HOUSTON – COVID-19. Coronavirus. Those two scary words have been in the headlines of every major and minor media outlet, and have landed nearly a million Americans in the Intensive Care Unit in hospitals across the nation, with sadly, not everyone returning home. What’s even more alarming, is data released showing that Black Americans are dying from the novel Coronavirus at disproportionately high rates.
“Health disparities have always existed for the African American community,” Dr. Anthony Fauci, director of the National Institute of Allergy and Infectious Diseases, said at a recent White House press briefing. “Here again with the crisis, how it’s shining a bright light on how unacceptable that is because, yet again, when you have a situation like the coronavirus, they are suffering disproportionately.”
Fauci also noted the health issues that are hampering African Americans.
“The diabetes, hypertension, the obesity, the asthma — those are the kinds of things that wind them up in the ICU and ultimately give them a higher death rate.”
Another obvious issue tied to health issues is lack of health coverage. Data shows 11% of Blacks are uninsured, against the national rate of 7% in 2017. Some Blacks don’t know they have these underlying issues because, with less access the health insurance, some conditions remain undiagnosed until it’s too late.
Employment is also a key factor.
Many blacks hold service jobs, such as grocery clerks, fast food employees, city workers and even bus drivers. Those jobs don’t provide the luxury of working from home, in alignment with the “social distancing” recommendations. These workers are put directly in the line of fire.
Walmart made headlines after two of its employees from the same store died from related COVID-19 exposure, and some workers were crying out on social media, saying they felt pressured to report to work, and not allowed to wear masks.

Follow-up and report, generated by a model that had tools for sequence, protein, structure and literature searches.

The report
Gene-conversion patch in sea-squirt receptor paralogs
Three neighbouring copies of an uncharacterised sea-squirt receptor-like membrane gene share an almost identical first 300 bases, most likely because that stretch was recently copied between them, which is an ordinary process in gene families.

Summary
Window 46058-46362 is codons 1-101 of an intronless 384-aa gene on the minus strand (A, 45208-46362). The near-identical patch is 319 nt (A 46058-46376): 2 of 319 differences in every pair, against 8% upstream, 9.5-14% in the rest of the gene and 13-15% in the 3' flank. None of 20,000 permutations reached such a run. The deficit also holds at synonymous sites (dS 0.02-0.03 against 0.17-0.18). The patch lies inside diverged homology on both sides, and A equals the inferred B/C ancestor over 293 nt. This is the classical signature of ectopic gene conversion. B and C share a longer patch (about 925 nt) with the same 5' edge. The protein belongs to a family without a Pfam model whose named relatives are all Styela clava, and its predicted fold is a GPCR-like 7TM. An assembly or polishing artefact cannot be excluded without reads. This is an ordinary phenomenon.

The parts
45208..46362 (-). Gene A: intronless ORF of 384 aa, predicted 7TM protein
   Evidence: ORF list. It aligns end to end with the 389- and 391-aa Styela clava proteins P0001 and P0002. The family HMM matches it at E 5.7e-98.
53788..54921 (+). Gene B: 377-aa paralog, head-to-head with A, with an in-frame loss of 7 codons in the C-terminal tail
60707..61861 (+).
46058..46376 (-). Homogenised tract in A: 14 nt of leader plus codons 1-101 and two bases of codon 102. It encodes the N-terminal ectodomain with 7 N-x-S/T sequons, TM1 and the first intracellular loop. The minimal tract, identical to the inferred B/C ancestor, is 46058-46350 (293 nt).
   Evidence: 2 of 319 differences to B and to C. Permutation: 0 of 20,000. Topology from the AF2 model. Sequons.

Detroit bus driver Jason Hargrove died from Coronavirus just one week after releasing a video– which went viral — voicing concerns over a coughing passenger getting on the bus.
“For us to get through this and get over this, y’all need to take this seriously,” he said on the video. “There’s folks dying out here.”
Where a person lives is just as much of a concern as health care.
According to Pew Research, Black and Latino families live in crowded multigenerational homes at much higher rates (26% and 27%, respectively) than white families (16%). More than 60 million Americans live in multigenerational homes, where young asymptomatic people might put their older relatives at risk.
In addition, Black and Latino homes are more likely to be in communities with worse air quality, according to the American Lung Association, driving up rates of asthma, another risk factor for severe cases of COVID-19. A recently released Harvard University study suggests that counties with worse air quality standard would see an increased coronavirus death rate.
Another issue is just basic distrust in the government and the health care system. Who could ever forget the Tuskegee experiment, when over the course of 40 years, the U.S. Public Health Service allowed syphilis to go untreated in hundreds of African American men in order to chronicle the progression of the disease?
But despite all these concerns, health experts, elected officials and even celebrities are encouraging everyone to take this pandemic seriously and do all they can to remain healthy.
“I’m here today to tell all minorities, this virus, you can get it and you can die from it so make sure you do everything you are supposed to do. Stay at home,” said Ervin “Magic” Johnson to CNN on the disparities of the pandemic and the Black community. “I’m hearing they’ve been having card parties around the country You can’t do that. You have to stay at home with your families and keep yourself a safe distance from everyone else. That’s very important. Get your masks, get your gloves and stay safe.”
The Lakers Legend, who became the face of the HIV/AIDS epidemic – said he has been watching classic NBA games and binging out on his favorite TV shows.
Heed all health advice from the experts and social distancing is key. Whatever you can do, stay safe.